George and Sarah Bell’s children were all born at Picton. They were baptized there too. However, although George and Sarah were married in the Church of England at Sutton Forrest when it came to baptize their children, they took advantage of whichever minister was visiting the village at the time.  Their children’s baptisms can be found in the Church of England, Presbyterian, and Wesleyan records.

More information on the Picton Windmills can be found at


Information on the time period can be found at


Most of all have fun with your research.

Our Bell Family in Australia- George Bell’s Marriage 1844

I have been researching our Bell family for over fifty years. The first of our family to arrive in Australia were two brothers, James and George Bell from East Farleigh, Kent, England. They arrived as sailors on the convict ship Asia on 2 December 1837.

See “A Window in Time-My Bell Family in East Farleigh, Kent, England”, posted 30 April 2014 and,” My Bell Family Ancestors-George Bell (1817-1894)-Sorting Red Herrings”, posted 3 July 2014.

Although I have searched diligently for years, I have not been able to find any documents for these brothers until 25 December 1844 when George Bell married Sarah Sargent at Sutton Forest.

I first purchased a certified transcription of this marriage in 1973 from the Registrar of Births, Deaths, and Marriages, Sydney. This is a transcription of that document.

BELL-SARGENT, 1844,Sutton Forest,Marriage Transcription 1

I especially noted “Bachelor, free by servitude”, beside George Bell’s name. This meant he had been a convict.

However, I had found good evidence that he had come free as a sailor on the convict ship, Asia in 1837. Had he gotten into trouble after his arrival?

I searched many court and gaol records between 1837-1844 at the State Library and State Records of New South Wales, and even old newspaper reports on Trove, but never had been successful in finding any clue to why George was ‘free by servitude’.

It has been my greatest sticking point in writing up the history of George Bell. I have had other professional historians have a look at the problem but no-one had been able to solve this problem or help with answers.

I then checked for references in the online index of the Registrar of Births Deaths and Marriages in Sydney at https://bdm.nsw.gov.au/

I found the only reference:-

404/1844 V1844404 29      BELL      GEORGE   and   SARGENT  SARAH    MY

The early colonial baptism, marriage, and burial records of some 164 volumes cover the time before civil registration in New South Wales. This includes Victoria and Queensland which was part of New South Wales at that time. These are held as Government records by the Registrar of Births Deaths and Marriages for New South Wales in Sydney.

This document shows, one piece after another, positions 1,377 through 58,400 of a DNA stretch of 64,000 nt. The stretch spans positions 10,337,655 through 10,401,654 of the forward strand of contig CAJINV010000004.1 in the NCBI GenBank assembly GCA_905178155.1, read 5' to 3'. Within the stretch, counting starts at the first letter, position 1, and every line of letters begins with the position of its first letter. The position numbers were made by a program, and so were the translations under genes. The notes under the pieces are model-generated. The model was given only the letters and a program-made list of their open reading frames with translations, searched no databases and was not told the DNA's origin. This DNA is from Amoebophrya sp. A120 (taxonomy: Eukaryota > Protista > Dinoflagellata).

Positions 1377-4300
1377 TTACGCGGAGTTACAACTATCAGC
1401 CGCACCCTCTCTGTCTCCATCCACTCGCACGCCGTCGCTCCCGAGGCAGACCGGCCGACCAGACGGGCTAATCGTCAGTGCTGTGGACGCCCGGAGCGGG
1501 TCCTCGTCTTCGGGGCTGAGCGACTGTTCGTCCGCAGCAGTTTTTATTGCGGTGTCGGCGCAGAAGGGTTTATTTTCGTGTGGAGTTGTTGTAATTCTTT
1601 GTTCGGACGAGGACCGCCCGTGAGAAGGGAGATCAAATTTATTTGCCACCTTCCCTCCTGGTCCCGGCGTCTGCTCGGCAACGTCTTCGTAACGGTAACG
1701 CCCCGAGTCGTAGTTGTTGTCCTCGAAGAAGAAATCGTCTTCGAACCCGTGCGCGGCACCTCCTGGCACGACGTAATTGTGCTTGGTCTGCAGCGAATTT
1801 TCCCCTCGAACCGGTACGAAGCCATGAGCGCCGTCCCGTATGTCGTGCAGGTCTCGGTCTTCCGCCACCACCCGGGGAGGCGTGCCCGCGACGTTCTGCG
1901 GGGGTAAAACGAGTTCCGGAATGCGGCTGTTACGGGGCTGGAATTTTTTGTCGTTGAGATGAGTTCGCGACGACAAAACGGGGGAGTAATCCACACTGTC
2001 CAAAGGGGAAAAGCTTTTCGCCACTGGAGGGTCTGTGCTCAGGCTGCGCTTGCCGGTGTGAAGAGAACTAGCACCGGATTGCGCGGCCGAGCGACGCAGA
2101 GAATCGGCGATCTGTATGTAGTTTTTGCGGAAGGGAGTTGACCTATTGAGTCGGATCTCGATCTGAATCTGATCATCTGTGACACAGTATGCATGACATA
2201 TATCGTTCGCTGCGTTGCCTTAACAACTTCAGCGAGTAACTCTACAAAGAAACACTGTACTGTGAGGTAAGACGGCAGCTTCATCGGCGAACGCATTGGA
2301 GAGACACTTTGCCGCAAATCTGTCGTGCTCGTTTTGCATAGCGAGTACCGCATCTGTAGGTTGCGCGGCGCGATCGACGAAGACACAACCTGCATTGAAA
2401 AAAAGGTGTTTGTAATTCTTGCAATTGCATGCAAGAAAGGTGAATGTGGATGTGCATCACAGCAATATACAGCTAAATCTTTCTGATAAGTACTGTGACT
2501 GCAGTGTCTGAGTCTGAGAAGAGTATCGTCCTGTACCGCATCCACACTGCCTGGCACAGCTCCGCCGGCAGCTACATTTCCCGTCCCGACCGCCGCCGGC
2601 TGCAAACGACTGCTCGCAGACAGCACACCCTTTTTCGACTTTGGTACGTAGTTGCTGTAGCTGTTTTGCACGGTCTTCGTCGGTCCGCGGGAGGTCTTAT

Many of these records were microfilmed and released to the public in the Archives Authority of New South Wales Genealogical Kit in 1988. Of the 164 volumes copied, only 123 volumes were released in the kit covering the time frame 1788-1855. Volumes 124-164 were not included in the kit.

This was because some of the records contained in the volumes were after 1855 so fell outside the parameters of the historical project and were subject to state privacy laws. Other volumes were not included because they were so fragile and the handling of those volumes would have destroyed them.

Returning to our Bell family research, I found Vol 29 was in the records released and I consulted the appropriate film.

This gave the same information as the certified transcription from the Registrar of Births, Deaths, and Marriages Office, and with the identical reference, it was clear to me that the Registrar of Births Deaths and Marriages had sighted the same register. I added this reference to my transcription, so I knew I had looked at this record.

It looked as if I would never solve the mystery.

However, were these transcriptions enough for my datasheet for my ancestor’s George Bell and Sarah Sargent’s marriage?

As I have been encouraging the historians in our families as well as my students to collect every document they can to build evidence for the events of birth, marriage, and death for all ancestors, I thought about what I could do to collect more evidence.

I consulted Trove for any notice or newspaper article about the marriage in 1844. There was none.

I had not found any other memorabilia concerning this marriage in family papers on any branch of the family either.

I then decided to see if the original parish register of All Saints, Sutton Forest had survived and track down the register itself.

I found it had survived in the Sydney Diocese Archives, but I was unable to visit to see the original. However, it had been microfilmed and copies were available at the National and State Libraries as well as the Society of Australian Genealogists. Again, in the present circumstances, I couldn’t travel to view these filmed records.

An online search revealed that many of the Anglican Parish Registers of the Sydney Diocese can be found at Ancestry.com, including Sutton Forest.

[As we are in lockdown with COVID 19- yes, we are those elderly relatives- family gave me a subscription as a birthday gift].